“As an educator, our CEO would say that kids — or anyone, really — remember something longer if they’ve actually taken part in it; it sticks with them,” Lindblad said.
She noted that hearth cooking demonstrations are conducted every day. “There’s a fire in the fireplace, and the women who are cooking will teach things like how they judge the heat by putting their arm inside the hearth and counting. If they can count to 12 or 15 before it gets uncomfortable, then it’s about 350 degrees.”
Another focus at Old Sturbridge Village has been on seasonal and yearly events that provide more variety for those who choose to return, or purchase yearly memberships.
“The program staff has really bumped up the seasonal activities, so visitors can have another reason to visit — see something they hadn’t seen before,” Lindblad said. “And these can appeal to different age groups.”
Those seasonal activities extend even to the winter months — not normally a time when families are thinking about tourism and day trips.
“We’re committed to being open year-round, and we want people to see what the winter was like,” Lindblad said. “So, for example, we added Fire and Ice Days in January, where we demonstrate ice cutting and harvesting. In the days before refrigeration, ice was a huge cash crop in New England, and they had special tools to score and cut the ice and store and haul it, and merchants in Boston would ship it all over the world. People are fascinated by the process, and the enormous saws, and kids and adults can try sawing.”
The following month, visitors flock to an antique sleigh rally, where horse-drawn sleighs compete for prizes. “The winter was the social season,” Lindblad said. “The harvest was over, and people had more free time.”
Other seasonal events — dozens of them — follow throughout the year, from fireworks in July to harvest parties and Apple Days in the fall. And the museum isn’t afraid to occasionally step out of its time period. For example, it hosts an antique car show (all cars must predate 1946, the year the museum was established).
While focusing on 20th-century lifestyles, Lindblad said, the exhibition remains true to OSB’s historic bent. “We see grandparents bringing their grandchildren to that, so they can say, ‘this is what cars looked like.’”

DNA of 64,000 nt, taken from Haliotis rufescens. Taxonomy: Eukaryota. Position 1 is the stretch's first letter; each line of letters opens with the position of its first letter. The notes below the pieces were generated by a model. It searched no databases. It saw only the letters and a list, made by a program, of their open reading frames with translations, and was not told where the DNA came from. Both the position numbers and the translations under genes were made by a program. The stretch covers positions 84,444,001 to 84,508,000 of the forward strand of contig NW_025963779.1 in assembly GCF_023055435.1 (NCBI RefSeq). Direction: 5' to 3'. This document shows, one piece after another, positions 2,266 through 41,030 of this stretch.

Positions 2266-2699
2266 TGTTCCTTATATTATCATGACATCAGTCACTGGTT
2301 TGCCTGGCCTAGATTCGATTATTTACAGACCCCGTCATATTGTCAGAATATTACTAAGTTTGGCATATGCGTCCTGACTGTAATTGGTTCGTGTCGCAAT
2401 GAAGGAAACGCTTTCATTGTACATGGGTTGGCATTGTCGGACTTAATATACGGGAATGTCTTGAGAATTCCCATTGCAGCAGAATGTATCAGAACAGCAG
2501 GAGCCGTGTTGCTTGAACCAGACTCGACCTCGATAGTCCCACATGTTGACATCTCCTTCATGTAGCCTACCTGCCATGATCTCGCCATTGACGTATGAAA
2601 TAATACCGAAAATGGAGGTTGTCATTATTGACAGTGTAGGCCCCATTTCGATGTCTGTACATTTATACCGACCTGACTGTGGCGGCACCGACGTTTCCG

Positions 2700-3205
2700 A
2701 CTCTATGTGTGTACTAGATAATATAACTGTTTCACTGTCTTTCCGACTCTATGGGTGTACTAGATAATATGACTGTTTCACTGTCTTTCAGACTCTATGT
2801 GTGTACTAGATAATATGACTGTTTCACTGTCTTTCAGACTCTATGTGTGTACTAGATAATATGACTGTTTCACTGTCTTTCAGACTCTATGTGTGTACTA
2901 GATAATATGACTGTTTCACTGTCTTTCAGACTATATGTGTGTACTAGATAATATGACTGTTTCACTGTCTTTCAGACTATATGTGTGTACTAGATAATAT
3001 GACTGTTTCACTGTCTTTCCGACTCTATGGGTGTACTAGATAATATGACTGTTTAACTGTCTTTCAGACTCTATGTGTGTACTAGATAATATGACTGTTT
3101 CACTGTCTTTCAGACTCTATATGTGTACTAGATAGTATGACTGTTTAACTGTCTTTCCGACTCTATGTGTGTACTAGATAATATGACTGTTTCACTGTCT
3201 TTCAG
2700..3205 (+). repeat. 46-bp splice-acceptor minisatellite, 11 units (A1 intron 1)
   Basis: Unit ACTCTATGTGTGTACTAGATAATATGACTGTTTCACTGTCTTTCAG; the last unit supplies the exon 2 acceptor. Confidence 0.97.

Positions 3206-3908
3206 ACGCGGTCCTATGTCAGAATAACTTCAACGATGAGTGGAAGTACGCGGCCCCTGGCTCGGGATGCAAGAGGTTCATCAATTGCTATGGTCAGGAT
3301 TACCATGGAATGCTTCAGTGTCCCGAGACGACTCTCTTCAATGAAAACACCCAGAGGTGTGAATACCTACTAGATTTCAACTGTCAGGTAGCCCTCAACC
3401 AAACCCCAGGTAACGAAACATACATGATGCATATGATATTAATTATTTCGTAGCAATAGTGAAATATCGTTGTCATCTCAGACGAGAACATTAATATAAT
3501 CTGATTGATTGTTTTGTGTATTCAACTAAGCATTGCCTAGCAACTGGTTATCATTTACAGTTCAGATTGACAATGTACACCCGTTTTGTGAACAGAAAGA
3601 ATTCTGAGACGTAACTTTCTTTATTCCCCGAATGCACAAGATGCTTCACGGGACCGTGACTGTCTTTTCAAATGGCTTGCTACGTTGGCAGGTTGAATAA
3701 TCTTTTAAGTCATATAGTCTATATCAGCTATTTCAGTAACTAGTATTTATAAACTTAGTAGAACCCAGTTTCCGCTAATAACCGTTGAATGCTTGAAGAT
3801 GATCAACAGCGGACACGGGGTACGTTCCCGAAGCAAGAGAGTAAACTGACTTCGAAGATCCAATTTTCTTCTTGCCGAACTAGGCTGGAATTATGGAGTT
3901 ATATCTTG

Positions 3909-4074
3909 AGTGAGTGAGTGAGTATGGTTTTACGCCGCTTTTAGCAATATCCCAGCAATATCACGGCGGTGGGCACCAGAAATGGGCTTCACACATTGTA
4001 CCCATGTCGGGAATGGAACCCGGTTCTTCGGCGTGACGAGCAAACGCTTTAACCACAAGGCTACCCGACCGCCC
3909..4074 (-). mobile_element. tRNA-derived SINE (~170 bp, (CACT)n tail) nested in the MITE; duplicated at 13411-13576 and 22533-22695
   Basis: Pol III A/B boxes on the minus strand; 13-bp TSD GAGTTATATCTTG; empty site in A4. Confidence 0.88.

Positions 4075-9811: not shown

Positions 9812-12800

Speaking of children, the museum still relies heavily on visits from school groups — around 65,000 students visit each year — while parents with children under 12 comprise another steady constituency. Older adults and empty-nesters also enjoy visiting, particularly during the leaf-peeping season in the fall. Meanwhile, families with young children often prefer the spring, when most baby animals are born.
At the heart of Old Sturbridge Village, however, are its period homes and shops. The most recent addition, the Small House, a 420-square-foot clapboard structure erected several years ago, is the first building added to the village since the mid-1980s, and the first ever to be built from the ground up; all the other buildings are actual historic properties relocated to Sturbridge. Unlike the middle-class houses in the village, the Small House tells the story of how the lower classes of the time lived.
Other stories are being constantly told as well. The recent Redcoats and Rebels event drew some 800 Revolutionary War reenactors to the village — the largest such war simulation in New England. And the facility recently added an authentic Concord stagecoach, “just like the ones plying roads all over New England in the 1830s,” Lindblad said. “You can get in the stagecoach and get a feel for the rigors of transportation. It’s a replica of the one that ran between Hartford and Worcester — it was bumpy and dusty, but that was the Cadillac of its time.” It was also, she added, a 12-hour trip.
Today, that’s like arriving from Detroit or Charlotte by car, and that’s not unheard of. “We attract a lot of out-of-state visitors, and they’re bringing a lot of money into the Massachusetts economy,” Lindblad said, noting that, while most of those hail from Connecticut, the museum attracts healthy numbers from the rest of New England, New York, and the mid-Atlantic states. In fact, all 50 states are represented each year, while international guests comprise 6% of visitors.
“I think, because we are within driving distance of so many millions of people, this is a good option for a day trip,” Lindblad said, noting that each $24 admission ($8 for kids) is good for a second visit within 10 days, so that families can make a multi-day stay of it. “They might not have the budget, during a recession, to fly to Disneyland or Disney World, but they’re still looking for a family experience. They can drive a couple of hours and have a rich experience, and still feel like they had a mini-vacation.”
After all, it’s only natural to crave some time away from it all. That’s as true now as it was 200 years ago.
Joseph Bednar can be reached at [email protected]